Paris Olympic Medals Include Real Iron from the Eiffel Tower
Each Olympic Games, both winter and summer, have their own distinct identity. They have mascots, they have logos, and they have medals. Obviously, winning an Olympic medal is the pinnacle of achievement for many athletes, so that creates value in itself. But, the organizers in each host city go above and beyond to make sure the medals are memorable and reflect the spirit of the location.
This summer, when the Olympics come to Paris, medalists will receive medals complete with real iron from the iconic Eiffel Tower.
Medals designed by a French Jeweller, located in the heart of Paris. Manufactured at the French mint, the same mint where the 1924 Olympic Medals were manufactured. Each medal adorned with the strongest symbol of Paris and France around the world, the Eiffel Tower.
— Team Ireland (@TeamIreland) February 8, 2024
In previous years, we've reported on the specific design elements of the medals, such as in Rio when Paralympic medals included small devices inside that visually-impaired athletes could shake for a distinct sound connected to the medal type. In Tokyo, the medals included recycled cell phones.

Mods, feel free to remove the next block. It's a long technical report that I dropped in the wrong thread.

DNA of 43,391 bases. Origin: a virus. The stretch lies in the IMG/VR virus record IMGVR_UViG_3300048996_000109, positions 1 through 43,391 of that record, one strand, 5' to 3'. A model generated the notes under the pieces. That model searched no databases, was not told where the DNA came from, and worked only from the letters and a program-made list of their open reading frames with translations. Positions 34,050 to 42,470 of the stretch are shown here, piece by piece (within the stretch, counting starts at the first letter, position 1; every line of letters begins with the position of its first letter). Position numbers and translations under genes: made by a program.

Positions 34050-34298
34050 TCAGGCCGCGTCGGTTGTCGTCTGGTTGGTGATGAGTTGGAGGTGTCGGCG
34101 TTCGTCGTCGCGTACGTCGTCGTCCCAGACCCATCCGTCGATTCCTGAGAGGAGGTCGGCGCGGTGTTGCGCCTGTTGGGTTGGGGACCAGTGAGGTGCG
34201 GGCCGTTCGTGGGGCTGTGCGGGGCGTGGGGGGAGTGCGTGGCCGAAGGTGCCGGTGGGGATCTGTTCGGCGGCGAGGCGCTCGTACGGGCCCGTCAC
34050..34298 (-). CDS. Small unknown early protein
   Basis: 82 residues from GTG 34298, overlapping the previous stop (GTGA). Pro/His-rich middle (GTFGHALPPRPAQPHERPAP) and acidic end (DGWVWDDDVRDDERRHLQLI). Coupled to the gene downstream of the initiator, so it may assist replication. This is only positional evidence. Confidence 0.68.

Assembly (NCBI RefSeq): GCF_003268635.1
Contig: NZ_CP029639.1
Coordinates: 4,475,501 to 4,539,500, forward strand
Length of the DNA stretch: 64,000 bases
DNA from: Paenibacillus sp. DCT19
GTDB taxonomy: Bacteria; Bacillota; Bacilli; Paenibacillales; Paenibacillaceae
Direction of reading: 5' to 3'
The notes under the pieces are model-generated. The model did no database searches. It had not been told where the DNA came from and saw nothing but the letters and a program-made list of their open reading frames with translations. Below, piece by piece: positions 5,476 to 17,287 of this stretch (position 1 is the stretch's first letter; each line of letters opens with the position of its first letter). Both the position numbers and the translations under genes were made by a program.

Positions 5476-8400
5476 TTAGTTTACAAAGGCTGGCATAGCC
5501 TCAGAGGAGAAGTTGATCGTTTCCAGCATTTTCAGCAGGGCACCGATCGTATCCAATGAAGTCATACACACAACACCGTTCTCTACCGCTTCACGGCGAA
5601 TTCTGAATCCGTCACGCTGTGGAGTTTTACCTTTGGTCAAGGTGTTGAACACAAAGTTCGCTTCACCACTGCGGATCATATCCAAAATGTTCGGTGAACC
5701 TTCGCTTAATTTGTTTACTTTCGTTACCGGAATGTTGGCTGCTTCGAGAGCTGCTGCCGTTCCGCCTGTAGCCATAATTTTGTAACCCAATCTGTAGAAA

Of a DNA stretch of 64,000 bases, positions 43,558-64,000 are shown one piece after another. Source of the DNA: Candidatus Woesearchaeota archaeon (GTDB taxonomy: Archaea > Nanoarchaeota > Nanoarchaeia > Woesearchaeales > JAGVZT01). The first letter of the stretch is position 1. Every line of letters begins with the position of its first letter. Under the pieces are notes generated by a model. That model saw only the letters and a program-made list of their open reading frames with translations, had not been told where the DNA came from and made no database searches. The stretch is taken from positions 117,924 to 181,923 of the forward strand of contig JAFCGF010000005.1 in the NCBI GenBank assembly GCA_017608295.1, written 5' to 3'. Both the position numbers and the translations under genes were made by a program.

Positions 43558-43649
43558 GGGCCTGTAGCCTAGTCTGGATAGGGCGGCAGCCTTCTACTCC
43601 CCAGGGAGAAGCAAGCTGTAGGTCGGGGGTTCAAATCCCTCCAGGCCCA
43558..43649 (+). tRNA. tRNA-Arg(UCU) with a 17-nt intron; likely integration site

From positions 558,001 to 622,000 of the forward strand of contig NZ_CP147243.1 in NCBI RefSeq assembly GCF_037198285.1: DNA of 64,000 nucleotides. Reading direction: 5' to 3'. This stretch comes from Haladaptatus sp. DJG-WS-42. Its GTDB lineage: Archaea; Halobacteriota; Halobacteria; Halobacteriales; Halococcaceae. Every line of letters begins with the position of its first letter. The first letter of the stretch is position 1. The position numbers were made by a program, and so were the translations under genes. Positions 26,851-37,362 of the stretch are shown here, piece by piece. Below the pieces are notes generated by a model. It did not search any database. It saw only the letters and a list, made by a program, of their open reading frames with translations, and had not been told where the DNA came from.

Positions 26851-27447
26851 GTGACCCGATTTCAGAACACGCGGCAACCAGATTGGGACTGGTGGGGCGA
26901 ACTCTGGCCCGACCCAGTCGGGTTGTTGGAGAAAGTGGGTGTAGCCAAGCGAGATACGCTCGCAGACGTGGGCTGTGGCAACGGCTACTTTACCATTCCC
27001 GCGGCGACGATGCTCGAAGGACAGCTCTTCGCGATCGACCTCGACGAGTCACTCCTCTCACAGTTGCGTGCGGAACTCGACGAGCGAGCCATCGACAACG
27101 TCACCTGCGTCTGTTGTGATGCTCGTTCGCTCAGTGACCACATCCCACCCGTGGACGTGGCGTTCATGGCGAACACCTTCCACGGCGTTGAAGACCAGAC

This summer, each medal includes an 18 gram piece of iron cut from pieces of the tower during its routine maintenance and renovations. (After all, as the AP points out, the tower was originally only intended to stand for 20 years, so it requires regular upkeep.)
"We realized that there’s one symbol known across the world, which is the Eiffel Tower,” Joachim Roncin, head of design at the Paris Olympic Games organizing committee told the AP. “We said to ourselves, ‘Hey, what if we approached the Eiffel Tower Operating Co. to see if it’s possible to get a bit of the Eiffel Tower to integrate into the medal?’”
They could. And the pieces were stripped of paint, polished, and varnished for inclusion in the medal. Each piece is also stamped with the Paris 2024 logo. And, as so many awards and trophies have hidden design Easter eggs, the iron pieces are cut into hexagons, referencing the nickname the French have for the shape of the country—"L'Hexagone." The iron pieces are held onto the medal with six clasps, representing the 2.5 million rivets holding the Eiffel Tower together, too.
Finally, continuing the trend of sustainability, the organizers said that the metal used are recycled, rather than newly-mined.
“Having a gold medal is already something incredible, but we wanted to add this French touch and we thought that the Eiffel Tower would be this cherry on the top,” Roncin said. “Having a piece of it is a piece of history.”